Make sure you have time for all of it. If you don't, make sure to bookmark it and take it in small chunks. It is so totally worth it. I've intentionally placed breaks in it so that you can find your way back to where you left off quickly and easily.
I just got off the phone with Smith, and like any good editor, he reminded me that I need to make sure my anger has humor behind it. I think it's the hardest thing in the world to be volcanically angry one minute and directly follow it with a quip, but Smith's right, I've done it plenty of times...
So, we'll revisit the bullies another day and I'm going to take my cynical butt, put it in Doc Brown's Delorian and go back to 1985. Robert Zemeckis could have possibly been right when he said, through Doc Brown, that a specific year could be a strange cross-dimensional hub.
1.21 gigawatts and 88 miles an hour later...it's Saturday, January 12, 1985. The first time in 100 years that New Braunfels had seen snow, and it was a record, 13.2 inches in just 24 hours and by the time it was all said and done, a whopping total of 16 inches of snow was on the ground.
|If you remember from my post The Ghost of Fraulein Schweiger, that's Schwamkrug's Steakhouse, this photo was taken not but a mile and a half from our house on that day.|
I'll never forget waking up that morning and pulling up my window blinds to see the ground covered in a blanket of freshly fallen snow. Winters in Texas to that point consisted of a little bit of rain and freezing your butt off, no where near what you would find in a place like Montreal with its 40 below zero. To us, snow was a novelty, a rare moment of chilly splendor. As children, building a snowman was a treat and we knew literally nothing about what it meant to shovel the car out or even what grey much less yellow snow was. All I knew was that there was a possibility that school could get called off and that there was a winter wonderland just waiting to be explored.
I padded my way through the living room and into the kitchen to find my father and his one addiction in the world, his steaming hot cup of coffee, and finding out that he had wisely decided to take that Saturday off. Mother however, ended up working late the night before and got snowed in at work in San Antonio, so she wouldn't be back until the roads were clear and she could safely come home.
So who do I find is in the house along with my father? My sister, her boyfriend (my future ex-brother-in-law), my sister's best friend Syndie and our cat, Whiskers. So, effectively you could say that I was with my peeps. I was used to being around Syndie, and I bet you had a friend like her back in the 1980's too; looking just like Pat Benatar, striped top, headband, heavy make-up and all. Syndie was fixture at our house, when she wasn't at hers, she was at ours. Many a time I remember going out around town with Nan in the driver's seat, Syndie in the passenger seat and me taking my place in the backseat and being told to hush while they talked. But my sister's boyfriend was somewhat of an enigma, being from Missouri (which might as well been the moon for all I knew back then) he was used to snow, the rest of us, not so much. So, we start taking our cues from him.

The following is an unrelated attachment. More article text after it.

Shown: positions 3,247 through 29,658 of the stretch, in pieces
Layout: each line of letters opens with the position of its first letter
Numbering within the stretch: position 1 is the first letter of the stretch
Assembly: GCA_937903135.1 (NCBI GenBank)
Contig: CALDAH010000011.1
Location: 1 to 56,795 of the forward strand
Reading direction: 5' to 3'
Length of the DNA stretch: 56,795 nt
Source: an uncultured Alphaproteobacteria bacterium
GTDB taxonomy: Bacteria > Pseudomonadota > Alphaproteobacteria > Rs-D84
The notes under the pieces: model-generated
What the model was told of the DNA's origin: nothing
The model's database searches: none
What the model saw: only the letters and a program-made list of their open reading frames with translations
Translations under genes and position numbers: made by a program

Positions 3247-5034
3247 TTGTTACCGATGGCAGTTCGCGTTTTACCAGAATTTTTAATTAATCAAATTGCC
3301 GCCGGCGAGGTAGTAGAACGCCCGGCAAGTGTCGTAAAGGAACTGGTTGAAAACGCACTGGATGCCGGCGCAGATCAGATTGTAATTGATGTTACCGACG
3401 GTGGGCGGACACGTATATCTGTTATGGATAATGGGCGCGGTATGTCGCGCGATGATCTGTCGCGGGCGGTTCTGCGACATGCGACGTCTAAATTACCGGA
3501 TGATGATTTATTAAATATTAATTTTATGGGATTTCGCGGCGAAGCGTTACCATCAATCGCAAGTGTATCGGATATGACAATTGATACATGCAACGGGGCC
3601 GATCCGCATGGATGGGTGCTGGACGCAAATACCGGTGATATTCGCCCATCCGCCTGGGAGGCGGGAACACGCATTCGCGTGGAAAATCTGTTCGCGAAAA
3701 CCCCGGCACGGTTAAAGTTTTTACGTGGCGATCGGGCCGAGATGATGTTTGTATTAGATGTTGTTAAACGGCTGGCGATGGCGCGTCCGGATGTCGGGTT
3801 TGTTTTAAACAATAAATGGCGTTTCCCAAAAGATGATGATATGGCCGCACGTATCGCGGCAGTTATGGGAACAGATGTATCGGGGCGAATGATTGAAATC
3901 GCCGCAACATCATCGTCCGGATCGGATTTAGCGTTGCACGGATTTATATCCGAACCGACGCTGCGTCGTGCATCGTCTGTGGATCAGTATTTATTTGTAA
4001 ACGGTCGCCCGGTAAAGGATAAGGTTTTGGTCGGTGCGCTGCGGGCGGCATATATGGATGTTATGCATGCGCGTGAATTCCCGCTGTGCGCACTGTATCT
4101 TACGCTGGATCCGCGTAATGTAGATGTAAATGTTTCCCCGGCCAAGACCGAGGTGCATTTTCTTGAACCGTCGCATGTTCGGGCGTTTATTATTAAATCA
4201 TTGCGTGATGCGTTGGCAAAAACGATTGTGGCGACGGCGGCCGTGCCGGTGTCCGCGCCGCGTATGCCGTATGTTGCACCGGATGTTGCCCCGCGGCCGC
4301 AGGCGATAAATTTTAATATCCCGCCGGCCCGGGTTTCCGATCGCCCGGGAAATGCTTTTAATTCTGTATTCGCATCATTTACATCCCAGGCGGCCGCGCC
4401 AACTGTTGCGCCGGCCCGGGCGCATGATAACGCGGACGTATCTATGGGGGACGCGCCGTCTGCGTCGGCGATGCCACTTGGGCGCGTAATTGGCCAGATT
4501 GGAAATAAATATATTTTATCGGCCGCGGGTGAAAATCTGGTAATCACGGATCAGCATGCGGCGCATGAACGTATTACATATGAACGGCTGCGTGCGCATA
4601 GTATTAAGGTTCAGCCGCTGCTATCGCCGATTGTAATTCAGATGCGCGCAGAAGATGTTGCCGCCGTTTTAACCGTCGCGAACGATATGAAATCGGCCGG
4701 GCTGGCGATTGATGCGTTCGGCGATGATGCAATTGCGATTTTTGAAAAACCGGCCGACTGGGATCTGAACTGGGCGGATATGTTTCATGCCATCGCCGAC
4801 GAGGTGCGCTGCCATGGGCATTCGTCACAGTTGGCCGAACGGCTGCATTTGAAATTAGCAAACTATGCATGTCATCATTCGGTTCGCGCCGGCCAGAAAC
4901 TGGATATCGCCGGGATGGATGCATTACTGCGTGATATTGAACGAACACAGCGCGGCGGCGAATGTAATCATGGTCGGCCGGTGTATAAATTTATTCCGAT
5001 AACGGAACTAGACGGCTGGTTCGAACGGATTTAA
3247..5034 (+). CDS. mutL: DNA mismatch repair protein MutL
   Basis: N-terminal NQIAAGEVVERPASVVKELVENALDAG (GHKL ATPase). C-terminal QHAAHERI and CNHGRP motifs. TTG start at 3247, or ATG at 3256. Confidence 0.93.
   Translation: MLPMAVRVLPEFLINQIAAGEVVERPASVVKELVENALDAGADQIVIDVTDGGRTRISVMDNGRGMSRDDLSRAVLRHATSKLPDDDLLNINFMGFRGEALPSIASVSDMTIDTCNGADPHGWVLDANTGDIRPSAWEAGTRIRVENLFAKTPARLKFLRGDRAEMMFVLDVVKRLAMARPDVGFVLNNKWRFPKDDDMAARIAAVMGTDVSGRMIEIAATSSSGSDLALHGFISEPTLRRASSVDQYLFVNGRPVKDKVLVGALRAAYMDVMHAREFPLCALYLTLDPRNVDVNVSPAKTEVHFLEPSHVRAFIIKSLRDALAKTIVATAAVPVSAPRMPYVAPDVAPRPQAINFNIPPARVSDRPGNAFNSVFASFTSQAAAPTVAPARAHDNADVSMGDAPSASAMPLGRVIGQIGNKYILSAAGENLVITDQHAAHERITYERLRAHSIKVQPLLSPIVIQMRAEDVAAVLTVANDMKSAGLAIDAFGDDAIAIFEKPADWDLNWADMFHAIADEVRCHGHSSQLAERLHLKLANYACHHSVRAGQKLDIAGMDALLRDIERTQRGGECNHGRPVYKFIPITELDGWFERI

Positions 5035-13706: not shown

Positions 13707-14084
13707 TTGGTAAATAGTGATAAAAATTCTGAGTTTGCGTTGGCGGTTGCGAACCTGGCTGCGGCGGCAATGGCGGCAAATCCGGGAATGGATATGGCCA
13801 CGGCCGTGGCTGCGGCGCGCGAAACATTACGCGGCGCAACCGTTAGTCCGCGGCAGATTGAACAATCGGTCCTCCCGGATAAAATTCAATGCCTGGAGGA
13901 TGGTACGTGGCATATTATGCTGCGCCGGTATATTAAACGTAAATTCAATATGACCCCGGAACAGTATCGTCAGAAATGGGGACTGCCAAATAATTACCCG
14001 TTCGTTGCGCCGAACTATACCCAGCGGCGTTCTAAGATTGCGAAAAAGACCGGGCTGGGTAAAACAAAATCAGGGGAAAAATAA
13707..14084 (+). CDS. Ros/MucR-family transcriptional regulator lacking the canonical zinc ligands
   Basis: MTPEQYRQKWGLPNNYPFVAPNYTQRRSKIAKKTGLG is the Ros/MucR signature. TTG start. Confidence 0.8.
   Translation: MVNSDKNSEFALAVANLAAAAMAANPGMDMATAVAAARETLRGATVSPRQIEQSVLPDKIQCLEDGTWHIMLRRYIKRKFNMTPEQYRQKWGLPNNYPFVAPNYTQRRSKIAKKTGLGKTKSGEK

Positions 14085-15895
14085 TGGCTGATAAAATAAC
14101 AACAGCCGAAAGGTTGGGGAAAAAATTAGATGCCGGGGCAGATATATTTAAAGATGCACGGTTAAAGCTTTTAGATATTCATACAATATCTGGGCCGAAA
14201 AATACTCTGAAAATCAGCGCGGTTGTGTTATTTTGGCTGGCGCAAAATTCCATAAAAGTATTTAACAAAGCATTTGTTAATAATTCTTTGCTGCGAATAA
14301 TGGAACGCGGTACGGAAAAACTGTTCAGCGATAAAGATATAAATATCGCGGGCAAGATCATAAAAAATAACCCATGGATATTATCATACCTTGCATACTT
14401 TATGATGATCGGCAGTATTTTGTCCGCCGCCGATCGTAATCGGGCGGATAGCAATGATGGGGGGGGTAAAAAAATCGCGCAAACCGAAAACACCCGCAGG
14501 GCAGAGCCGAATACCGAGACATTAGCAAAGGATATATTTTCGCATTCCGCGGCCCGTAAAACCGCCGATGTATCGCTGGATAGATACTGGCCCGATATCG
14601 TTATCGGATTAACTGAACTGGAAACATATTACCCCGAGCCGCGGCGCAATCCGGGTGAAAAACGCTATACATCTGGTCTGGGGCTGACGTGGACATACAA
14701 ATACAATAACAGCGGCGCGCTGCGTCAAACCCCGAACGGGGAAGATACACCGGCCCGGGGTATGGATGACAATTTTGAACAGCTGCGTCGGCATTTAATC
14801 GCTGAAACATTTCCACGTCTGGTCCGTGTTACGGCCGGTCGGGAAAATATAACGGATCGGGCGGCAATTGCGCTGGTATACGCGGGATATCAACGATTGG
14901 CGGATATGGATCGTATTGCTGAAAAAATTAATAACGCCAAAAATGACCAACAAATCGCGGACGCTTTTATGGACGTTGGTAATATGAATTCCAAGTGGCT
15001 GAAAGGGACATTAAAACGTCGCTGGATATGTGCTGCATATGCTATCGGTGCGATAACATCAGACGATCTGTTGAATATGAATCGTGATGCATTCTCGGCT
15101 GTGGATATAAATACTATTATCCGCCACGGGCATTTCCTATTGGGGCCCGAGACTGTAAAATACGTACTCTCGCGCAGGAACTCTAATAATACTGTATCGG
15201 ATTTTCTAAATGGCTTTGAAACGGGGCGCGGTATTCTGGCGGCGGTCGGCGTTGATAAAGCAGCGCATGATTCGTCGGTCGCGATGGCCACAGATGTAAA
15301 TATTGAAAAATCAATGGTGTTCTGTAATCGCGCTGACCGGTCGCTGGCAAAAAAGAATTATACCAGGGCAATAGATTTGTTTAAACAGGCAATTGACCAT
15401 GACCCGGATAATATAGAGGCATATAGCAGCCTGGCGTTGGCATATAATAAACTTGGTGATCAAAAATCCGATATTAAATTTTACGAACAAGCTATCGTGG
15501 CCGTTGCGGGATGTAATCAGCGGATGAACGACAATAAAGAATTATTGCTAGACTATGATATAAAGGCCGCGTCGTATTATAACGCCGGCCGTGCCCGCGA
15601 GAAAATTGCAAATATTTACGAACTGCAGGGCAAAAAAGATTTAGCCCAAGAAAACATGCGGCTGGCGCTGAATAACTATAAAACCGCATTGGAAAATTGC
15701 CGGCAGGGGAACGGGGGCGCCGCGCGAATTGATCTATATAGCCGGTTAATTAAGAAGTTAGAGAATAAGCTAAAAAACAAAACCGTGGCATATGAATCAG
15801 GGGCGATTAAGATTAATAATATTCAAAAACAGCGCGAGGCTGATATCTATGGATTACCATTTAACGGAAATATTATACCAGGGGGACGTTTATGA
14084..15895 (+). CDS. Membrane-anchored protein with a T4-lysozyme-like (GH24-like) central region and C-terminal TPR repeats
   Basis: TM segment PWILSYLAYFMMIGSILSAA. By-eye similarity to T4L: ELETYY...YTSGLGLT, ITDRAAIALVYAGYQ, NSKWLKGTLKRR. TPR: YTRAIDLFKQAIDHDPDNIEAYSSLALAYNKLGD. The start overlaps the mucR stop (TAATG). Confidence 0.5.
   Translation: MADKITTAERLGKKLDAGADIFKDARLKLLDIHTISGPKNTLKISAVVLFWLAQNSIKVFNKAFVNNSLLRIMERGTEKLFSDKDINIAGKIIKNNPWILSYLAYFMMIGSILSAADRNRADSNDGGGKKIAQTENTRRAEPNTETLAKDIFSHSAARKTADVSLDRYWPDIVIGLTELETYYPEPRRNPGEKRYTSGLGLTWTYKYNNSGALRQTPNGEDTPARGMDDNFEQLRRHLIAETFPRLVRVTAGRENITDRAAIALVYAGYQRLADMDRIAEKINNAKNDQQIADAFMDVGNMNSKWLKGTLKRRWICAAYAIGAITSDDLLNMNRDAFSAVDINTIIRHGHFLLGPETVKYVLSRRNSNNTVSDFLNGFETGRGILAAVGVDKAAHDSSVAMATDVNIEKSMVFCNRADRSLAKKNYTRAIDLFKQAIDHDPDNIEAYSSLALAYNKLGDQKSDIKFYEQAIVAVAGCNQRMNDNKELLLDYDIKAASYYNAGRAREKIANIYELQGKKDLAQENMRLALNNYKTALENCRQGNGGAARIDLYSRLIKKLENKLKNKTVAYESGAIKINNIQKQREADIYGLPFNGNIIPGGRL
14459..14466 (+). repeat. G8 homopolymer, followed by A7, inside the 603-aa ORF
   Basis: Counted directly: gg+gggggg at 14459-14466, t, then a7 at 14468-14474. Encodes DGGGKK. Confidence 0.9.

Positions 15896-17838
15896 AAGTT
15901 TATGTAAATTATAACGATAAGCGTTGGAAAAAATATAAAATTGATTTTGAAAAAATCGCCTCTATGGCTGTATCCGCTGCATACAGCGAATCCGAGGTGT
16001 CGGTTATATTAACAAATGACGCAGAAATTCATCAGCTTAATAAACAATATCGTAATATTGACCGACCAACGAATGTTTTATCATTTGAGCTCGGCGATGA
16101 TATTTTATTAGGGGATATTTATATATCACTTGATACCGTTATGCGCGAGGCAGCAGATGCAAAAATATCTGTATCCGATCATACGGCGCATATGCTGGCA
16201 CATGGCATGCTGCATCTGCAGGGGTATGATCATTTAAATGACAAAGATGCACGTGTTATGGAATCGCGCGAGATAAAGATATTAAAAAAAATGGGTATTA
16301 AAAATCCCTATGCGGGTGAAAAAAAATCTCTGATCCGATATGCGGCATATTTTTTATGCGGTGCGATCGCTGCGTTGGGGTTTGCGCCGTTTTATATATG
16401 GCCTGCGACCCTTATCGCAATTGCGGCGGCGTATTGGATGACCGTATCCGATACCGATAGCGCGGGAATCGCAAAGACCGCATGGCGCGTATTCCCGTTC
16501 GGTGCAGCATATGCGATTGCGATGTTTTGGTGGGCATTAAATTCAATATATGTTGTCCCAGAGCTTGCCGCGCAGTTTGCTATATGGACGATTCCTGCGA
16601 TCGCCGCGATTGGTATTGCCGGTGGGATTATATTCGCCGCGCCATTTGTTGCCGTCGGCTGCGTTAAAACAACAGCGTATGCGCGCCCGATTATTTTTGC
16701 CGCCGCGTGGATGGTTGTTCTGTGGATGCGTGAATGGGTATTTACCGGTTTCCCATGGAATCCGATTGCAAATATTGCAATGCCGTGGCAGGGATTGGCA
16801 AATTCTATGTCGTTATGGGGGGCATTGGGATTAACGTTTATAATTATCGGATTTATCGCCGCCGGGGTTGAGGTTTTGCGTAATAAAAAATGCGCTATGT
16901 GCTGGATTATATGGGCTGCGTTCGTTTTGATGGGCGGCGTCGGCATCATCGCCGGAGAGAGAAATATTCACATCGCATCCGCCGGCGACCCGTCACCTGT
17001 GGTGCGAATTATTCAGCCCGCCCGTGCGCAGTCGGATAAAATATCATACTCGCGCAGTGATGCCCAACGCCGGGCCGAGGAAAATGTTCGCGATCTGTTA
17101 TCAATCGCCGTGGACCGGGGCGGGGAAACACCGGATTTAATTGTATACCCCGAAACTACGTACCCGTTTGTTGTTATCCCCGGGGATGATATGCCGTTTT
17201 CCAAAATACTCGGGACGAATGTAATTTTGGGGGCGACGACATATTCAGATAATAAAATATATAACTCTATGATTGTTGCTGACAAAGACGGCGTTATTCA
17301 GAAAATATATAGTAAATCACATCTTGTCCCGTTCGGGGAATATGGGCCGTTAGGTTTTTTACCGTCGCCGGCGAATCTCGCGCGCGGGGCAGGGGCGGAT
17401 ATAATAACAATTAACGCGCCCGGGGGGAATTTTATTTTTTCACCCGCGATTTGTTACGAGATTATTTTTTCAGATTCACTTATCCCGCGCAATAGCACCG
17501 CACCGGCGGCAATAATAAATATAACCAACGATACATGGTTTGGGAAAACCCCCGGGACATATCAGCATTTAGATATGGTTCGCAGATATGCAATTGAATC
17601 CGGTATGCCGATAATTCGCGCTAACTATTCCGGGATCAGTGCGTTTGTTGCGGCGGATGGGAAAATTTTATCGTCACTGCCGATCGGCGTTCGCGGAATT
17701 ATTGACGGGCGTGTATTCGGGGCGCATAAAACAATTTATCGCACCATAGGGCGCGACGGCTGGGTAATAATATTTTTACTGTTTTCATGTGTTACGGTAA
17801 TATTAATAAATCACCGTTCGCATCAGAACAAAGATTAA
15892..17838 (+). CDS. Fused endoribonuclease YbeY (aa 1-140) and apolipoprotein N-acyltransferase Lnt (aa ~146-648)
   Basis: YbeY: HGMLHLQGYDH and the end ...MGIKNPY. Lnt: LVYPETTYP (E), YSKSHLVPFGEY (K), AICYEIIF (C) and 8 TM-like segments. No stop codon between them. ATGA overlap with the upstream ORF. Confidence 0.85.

Daddy, for all of his wonderful qualities, back then was a work-a-holic. I was lucky to see him 10 minutes during the week outside of the weekends where I would be charged with delivering water to him while he was outside mowing the lawn. No one back then had a better yard than Ol' Sam...it was the greenest, thickest yard on the block...but under an inch and a half of snow, his day was due to be spent in his green La-Z-Boy recliner or asleep in his bedroom, quietly nestled in the back of the house, down the long hall from the living room.
Whiskers, our black and white tuxedo cat, didn't know what the heck was going on outside and didn't have any want or need to go outside and find out. He was a codgery old man and when he wasn't tormenting me or my father, he curled himself up as close to Nan as possible.
Hold it...if you need to take a break, this is a good time because we have a temporary gear shift. I'll even give you a marker for it...
Dad and the Cat...
We have to stop for a moment and talk about Dad and the cat because it's a story in itself. Have you ever met someone who looks at animals and goes, "No no no, no pets, I don't want no stinkin' cat?" Yes, that's right, I got the 'no pet' gene from my father...but when a neighbor introduced my sister to a ball of long haired fuzz with the brightest set of white whiskers you've ever seen on a face black as pitch, it was only a matter of time that my sister's begging would convince my father that we just had to have a cat. That cat and Nan looked each other in the eyes and it was love at first sight. To be honest, Whiskers was Nan's cat and oh did that cat hate me. He would hunker down behind corners and when I wasn't looking or expecting it, he would pounce on me, wrapping himself around my ankles and clawing me to shreds. For years I had a scar on my left elbow from where he sunk his claws in, then pulled them sideways branding me with a W-shaped scar. I'm convinced to this day that that silly cat did it on purpose.